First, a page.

Planning Healthy Communities

Posted on: January 31st, 2014 by Special Contributor

By Anna Ricklin

Credit: Eric Smith. Captured Moments Photography

Credit: Eric Smith. Captured Moments Photography

As cities and towns grow and change, making the case for the preservation of historic places can be a challenge, and different arguments will make sense to different audiences. One of the best reasons, though, may be the improvement of human health. As planners, we strive to create denser, more walkable communities in places dominated by sprawl. This also gives us the opportunity to enhance, re-create, and preserve historic places for the health of the people who live there.  Not surprisingly, our paths cross frequently with the preservation community.  I’d like to offer a brief preview of how the planning community sees smart planning as a tool for creating healthy lifestyles, and how it intersects with goals of the preservation community.

Even in communities seemingly fully “planned”—places that have been built out for more than a generation—smart planning will play a critical part in achieving safe, walkable neighborhoods where people have access to healthy foods and basic services, not to mention connectivity to jobs and education. All of these factors, and more, in the built environment contribute to the overall health of residents, but how do we as planners actually do it? How can we talk about the health impacts of planning to a general audience who might not even be familiar with planning in the first place? How do we link issues like land use, transportation, housing, and historic preservation to health, which in and of itself is one of the most complex and personal subjects anyone can talk about?

We know that more than one-third (35.7 percent) of U.S. adults are obese and that a lack of physical activity – something we can affect through planning – is one of the major causes. We also know there are approximately 10 million motor vehicle crashes per year, resulting in approximately 2 million injuries and nearly 34,000 deaths (Source: 2009 Census data). While a number of these crashes are the result of drunk driving and other bad decisions an individual might make behind the wheel, nearly all are preventable, and many could be avoided through planning-related measures.

While we won’t go so far as to say planning represents a single magic bullet for these challenges – which also include ways to support healthy food choices, mental health, and positive social structures in our neighborhoods – better planning in the built environment can and must be a part of the solution.

The American Planning Association (APA) recently released a new set of tools to support planners, public health professionals, and the public for including health in the planning process. The Healthy Community Design Toolkit was developed in partnership between the Centers for Disease Control and Prevention’s Healthy Community Design Initiative and APA’s Planning and Community Health Research Center. The toolkit is composed of four elements that work together to achieve the goal of planning with health in mind, and can be used by anyone interested in building the case for health – including those who aim to preserve the health of entire neighborhoods. While the toolkit does not specifically address planning in the context of older, historic neighborhoods, preservationists will recognize that many of the attributes that contribute to healthy lifestyles—walkability, open spaces, a mix of commercial and residential uses—are already found in historic neighborhoods, thereby offering an excellent platform for the application of the following tools.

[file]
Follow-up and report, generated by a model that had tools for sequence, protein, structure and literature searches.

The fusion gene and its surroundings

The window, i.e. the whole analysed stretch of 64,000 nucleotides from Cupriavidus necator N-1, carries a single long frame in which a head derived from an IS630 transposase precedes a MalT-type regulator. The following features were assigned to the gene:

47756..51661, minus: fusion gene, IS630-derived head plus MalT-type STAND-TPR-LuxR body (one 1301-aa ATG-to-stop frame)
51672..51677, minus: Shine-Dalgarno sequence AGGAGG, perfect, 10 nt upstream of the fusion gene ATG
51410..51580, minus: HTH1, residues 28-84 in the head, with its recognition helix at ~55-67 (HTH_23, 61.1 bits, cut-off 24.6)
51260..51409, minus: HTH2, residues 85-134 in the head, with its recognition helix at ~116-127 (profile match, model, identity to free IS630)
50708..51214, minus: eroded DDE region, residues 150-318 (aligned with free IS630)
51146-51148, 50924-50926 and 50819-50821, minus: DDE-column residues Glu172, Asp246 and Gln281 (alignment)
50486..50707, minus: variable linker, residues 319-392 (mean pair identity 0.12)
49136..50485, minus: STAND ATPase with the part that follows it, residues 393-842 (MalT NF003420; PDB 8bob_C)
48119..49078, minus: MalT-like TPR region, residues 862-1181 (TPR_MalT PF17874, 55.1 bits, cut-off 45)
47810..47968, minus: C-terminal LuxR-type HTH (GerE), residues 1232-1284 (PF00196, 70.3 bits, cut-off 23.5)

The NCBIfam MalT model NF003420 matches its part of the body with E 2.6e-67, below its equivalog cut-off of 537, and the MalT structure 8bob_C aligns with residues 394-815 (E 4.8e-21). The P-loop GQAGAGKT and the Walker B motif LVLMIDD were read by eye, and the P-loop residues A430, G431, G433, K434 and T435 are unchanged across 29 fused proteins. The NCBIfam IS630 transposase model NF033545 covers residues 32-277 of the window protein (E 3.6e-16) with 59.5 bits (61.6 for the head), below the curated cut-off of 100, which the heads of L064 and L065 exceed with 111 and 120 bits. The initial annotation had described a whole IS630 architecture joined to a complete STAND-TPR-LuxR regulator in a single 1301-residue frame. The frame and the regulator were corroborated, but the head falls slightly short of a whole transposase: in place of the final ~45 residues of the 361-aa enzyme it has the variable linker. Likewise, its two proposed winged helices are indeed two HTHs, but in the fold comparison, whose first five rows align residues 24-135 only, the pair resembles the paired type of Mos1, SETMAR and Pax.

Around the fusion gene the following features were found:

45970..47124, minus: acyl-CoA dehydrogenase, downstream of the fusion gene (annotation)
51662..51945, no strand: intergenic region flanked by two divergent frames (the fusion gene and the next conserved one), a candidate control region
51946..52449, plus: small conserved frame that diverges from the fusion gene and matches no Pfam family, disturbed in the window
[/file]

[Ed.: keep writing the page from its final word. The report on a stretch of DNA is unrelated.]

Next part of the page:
• The Healthy Community Design Checklist is a handout for planners and community leaders to use during public meetings or other gatherings where decisions are being made about land use. The checklist is a quick way to educate residents about healthy community design and to help them consider health during land-use discussions.
  • The Healthy Community Design PowerPoint Presentation supports the checklist by explaining to residents how community design can affect health and how to use the checklist during land-use discussions. You can customize it to include health data on a specific community using the How-To Guide.
  • The Creating a Health Profile How-To Guide helps find the health data of a community in order to develop a health “snapshot” of the community of interest. The data is useful for educating and promoting awareness of the health issues that most affect a community. The data can also help identify the most urgent health issues.
  • The Planning for Health Resources Guide provides resources for each of the topics included in the Healthy Community Design Checklist: Active Living, Food Choices, Transportation Choices, Public Safety, Social Cohesion, Social Equity, and Environmental Health.

Please share and download these resources to help integrate health into your planning process, whether you are a planner, public health professional, community resident, preservationist, or anyone in between. They are meant to be easy to use. Comments and feedback about how you may have applied the tools is welcome at healthycommunities@planning.org.

Anna Ricklin is manager of APA’s Planning and Community Health Research Center. Formerly, she promoted public transit, walking, and biking in Portland, Oregon. Later, she worked on transit planning and bike projects with the Baltimore City Department of Transportation. She has a Master of Health Sciences degree from Johns Hopkins University.

Planning